In addition, the NCAA also rid itself of an ongoing legal action; given their recent batterings in legal system, that was probably a smart move. Recall that the NCAA “fined” Penn State $60M and that the NCAA was going to target that money to child abuse prevention programs. The Commonwealth of Pennsylvania sued the NCAA over that fine and won a preliminary round in the matter. As an add-on to lifting Penn State’s bowl ban, the NCAA also told the Commonwealth that it would give the $60M back to Pennsylvania for them to oversee.

    Hey, at least something seems to be going right out there in the sports world…

    Finally, perhaps these words attributed to Vince Lombardi have a particular value and meaning for the folks mentioned above:

    “It’s not whether you get knocked down, it’s whether you get back up.”

    But don’t get me wrong, I love sports………

    The Disciplinarian

    More than a few folks have written – and sports talk radio is all over this idea – that Roger Goodell has to be fired in the wake of the goat rodeo involving Ray Rice and his fiancée/wife. I do not think that is necessary or justified and I believe that those who are calling for his dismissal are missing the point about what a Commissioner for a major sport is supposed to do. The problem is history.

    The first sports Comish in the US was Kennesaw Mountain Landis; he got the job to be the capo di tutti capi in MLB after the Black Sox scandal in 1919. He was supposed to rule with an iron fist and make sure everyone in the game toed the line. Most people think he did that; I happen to think that Landis was a lot more bluster than tough guy but I am probably in the minority there. People have come to think that Job Duty #1 for a sports commissioner is to be a disciplinarian. Not so…

    The job of the commissioner is to grow the league and the measures of league growth are things like revenue, attendance, public awareness, TV ratings etc. All of those are intertwined but when you take them as a package and add to them the responsibility to deal constructively with the players’ union, you have the modern set of responsibilities for a league commissioner. Unfortunately, they also seem to carry the burden of history with them and they are also expected to be “The Disciplinarian”. That role does not mesh well with “grow the league” and “deal constructively with the union”.

    Flip this issue on its head for a moment as a gedanken experiment. Imagine that Roger Goodell was not “The Disciplinarian” and we gave that job to DeMaurice Smith with the same level of authority and acceptance bestowed on Roger Goodell. Regardless of Smith’s good will and positive intentions, his main job – to represent the players on labor issues – would be in conflict with this new role as “The Disciplinarian”. My point is that neither Goodell nor Smith has a position that allows them to blend in any meaningful way their “main job” with the job of disciplinarian.

    I think the best solution to the angst and anger that exists at the moment over the Ray Rice matter is to look for ways to evolve the system to a point where “The Disciplinarian” is a job separate and distinct from the NFL front office and from the NFLPA. Like the US, these folks need a “third branch of governance”.

    There will be a bazillion details in the creation of the position of “The Disciplinarian” and each of them will represent a hurdle to be crossed. I will not even begin to try to flesh out all those details here except for the sine qua non in this idea:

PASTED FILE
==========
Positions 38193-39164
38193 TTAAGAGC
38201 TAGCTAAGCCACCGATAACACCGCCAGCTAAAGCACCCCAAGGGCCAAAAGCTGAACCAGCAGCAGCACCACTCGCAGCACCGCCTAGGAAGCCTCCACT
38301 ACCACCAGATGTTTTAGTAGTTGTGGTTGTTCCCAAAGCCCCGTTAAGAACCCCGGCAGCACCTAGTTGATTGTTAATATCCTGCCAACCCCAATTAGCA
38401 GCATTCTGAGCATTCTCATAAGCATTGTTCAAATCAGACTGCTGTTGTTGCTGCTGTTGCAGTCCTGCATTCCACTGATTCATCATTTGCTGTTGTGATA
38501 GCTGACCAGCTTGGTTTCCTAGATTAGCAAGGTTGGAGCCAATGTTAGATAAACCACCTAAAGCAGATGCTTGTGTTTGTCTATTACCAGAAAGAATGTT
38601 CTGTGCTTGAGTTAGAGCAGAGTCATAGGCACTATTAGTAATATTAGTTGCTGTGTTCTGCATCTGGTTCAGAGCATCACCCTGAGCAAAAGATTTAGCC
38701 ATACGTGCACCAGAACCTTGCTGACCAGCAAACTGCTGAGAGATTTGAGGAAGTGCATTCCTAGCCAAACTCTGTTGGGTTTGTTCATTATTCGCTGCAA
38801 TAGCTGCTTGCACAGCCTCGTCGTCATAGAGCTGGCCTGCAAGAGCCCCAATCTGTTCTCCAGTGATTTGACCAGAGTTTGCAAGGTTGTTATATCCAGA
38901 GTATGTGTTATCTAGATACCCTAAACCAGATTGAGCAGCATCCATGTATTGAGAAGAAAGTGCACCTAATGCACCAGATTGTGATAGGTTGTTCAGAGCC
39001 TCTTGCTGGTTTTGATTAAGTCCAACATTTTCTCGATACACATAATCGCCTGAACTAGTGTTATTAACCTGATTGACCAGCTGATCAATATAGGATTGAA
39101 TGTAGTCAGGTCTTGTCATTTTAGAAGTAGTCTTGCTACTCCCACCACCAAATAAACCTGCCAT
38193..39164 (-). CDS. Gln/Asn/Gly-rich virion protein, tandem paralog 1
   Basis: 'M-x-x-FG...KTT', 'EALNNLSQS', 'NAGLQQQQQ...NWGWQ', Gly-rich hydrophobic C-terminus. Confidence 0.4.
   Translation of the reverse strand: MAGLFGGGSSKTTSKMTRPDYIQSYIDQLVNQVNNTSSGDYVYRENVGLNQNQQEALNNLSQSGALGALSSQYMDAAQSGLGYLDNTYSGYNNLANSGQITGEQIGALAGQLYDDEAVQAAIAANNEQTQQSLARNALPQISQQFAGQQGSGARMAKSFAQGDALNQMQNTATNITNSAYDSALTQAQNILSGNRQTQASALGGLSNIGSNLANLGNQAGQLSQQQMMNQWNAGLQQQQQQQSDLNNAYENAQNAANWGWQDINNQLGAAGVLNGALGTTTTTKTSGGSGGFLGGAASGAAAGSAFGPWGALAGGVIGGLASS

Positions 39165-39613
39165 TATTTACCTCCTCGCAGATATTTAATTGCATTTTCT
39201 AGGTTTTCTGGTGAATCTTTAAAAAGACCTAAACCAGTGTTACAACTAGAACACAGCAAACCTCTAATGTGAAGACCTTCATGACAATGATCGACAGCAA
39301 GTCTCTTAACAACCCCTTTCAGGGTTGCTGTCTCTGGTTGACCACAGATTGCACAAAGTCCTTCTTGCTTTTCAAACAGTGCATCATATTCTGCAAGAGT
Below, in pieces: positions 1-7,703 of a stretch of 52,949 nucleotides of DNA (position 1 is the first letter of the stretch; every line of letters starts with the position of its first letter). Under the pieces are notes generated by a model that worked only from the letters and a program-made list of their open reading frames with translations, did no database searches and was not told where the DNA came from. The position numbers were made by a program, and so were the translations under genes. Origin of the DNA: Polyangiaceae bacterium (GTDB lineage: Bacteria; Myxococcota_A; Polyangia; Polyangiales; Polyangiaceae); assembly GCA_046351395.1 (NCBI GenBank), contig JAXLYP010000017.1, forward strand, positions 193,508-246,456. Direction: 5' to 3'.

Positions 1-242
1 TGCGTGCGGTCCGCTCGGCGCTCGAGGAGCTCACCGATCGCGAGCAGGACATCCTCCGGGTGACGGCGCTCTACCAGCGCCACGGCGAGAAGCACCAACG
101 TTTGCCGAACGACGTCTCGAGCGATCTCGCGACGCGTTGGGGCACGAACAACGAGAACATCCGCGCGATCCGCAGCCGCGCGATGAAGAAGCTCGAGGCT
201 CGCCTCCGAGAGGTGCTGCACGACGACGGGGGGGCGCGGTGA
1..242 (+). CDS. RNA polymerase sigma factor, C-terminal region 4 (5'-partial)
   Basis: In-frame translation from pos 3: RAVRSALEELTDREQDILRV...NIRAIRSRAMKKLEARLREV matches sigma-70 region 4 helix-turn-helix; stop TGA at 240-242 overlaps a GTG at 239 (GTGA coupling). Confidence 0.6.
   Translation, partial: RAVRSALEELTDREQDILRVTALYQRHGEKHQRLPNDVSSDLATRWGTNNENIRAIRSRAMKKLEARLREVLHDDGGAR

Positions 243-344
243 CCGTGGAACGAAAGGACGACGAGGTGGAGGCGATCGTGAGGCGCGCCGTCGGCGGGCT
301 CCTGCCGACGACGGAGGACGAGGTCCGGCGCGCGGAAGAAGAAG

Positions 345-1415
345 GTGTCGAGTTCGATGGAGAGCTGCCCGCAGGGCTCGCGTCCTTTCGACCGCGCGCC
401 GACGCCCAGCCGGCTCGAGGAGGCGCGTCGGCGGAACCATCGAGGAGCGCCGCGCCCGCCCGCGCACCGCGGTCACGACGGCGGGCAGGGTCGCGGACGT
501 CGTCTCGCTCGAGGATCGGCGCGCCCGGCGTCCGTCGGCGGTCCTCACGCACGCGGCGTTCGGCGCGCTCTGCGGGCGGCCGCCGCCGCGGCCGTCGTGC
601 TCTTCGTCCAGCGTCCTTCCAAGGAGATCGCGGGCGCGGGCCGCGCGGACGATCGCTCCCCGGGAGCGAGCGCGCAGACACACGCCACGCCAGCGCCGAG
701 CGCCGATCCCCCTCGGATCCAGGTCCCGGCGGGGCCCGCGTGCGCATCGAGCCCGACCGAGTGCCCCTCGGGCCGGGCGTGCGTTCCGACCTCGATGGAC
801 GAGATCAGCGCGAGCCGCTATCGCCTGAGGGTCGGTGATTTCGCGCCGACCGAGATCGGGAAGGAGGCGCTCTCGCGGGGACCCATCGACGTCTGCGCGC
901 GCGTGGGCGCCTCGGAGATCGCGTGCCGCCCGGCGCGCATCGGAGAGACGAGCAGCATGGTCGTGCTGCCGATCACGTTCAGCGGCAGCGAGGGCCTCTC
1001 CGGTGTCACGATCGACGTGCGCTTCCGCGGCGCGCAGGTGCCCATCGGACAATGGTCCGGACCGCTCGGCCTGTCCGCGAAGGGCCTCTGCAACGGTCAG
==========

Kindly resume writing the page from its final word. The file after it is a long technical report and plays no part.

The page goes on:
“The Disciplinarian” and whatever staff he/she needs will cost money. Everyone in every position is beholden to whoever pays his/her salary. Therefore, the costs for “The Disciplinarian” and his/her staff need to be borne by the NFL and the NFLPA in equal measure.

    If there were indeed a person who was “The Disciplinarian”, no one would be thinking that Roger Goodell should be fired about now because he is doing his main job (grow the league) quite well.

    According to a report in the Chicago Tribune, Johnny Manziel – through his company, JMan2 Enterprises LLC – has applied for trademark rights to a bunch of names including:

      Johnny Football
      Johnny Cleveland

    Why stop there?

      The first time he leads a team to a last second win on a TD pass, he could call himself “Johnny on the Spot”.

      When he gets in the news for partying hard in Vegas he could call himself “Johnny Be Bad”.

      If he wins a game on a quarterback sneak, he could be “John Doe”.

      If he finishes second in the MVP voting, he could claim to be “John Adams”.

      If he ended all his press conferences by saying, “I have to go to the john,” he could try to trademark that phrase too.

    The name on Manziel’s list – not my frivolous list – that I find most interesting is “JMan”. I really wonder if in the sporting cosmos of the Cleveland area Johnny Manziel’s name would be associated with “JMan”. After all, there is this other guy playing in Cleveland who might also be their JMan – LeBron James…

      [Aside: I wonder if Don Imus ever tried to trademark the name “I-Man”?]

    Manziel’s publicity grabs speak to the possibility of an ego run amok. That is not exactly a newsworthy item in the world of sports as evidenced by this terse – yet accurate – summation by Bob Molinaro of the Hampton Roads Virginian-Pilot of another sporting situation involving ego:

    “Idle thought: Tiger Woods fired his swing coach because the golfer couldn’t fire himself.”

    Finally, in the wake of the furor over the video tape of Ray Rice in that elevator, here is an item from Greg Cote of the Miami Herald on the blessing of a missing video tape:

    “ESPN apologized for airing a report that discussed the locker room showering habits of openly gay NFL player Michael Sam. On the bright side, the report did not include video.”

    But don’t get me wrong, I love sports………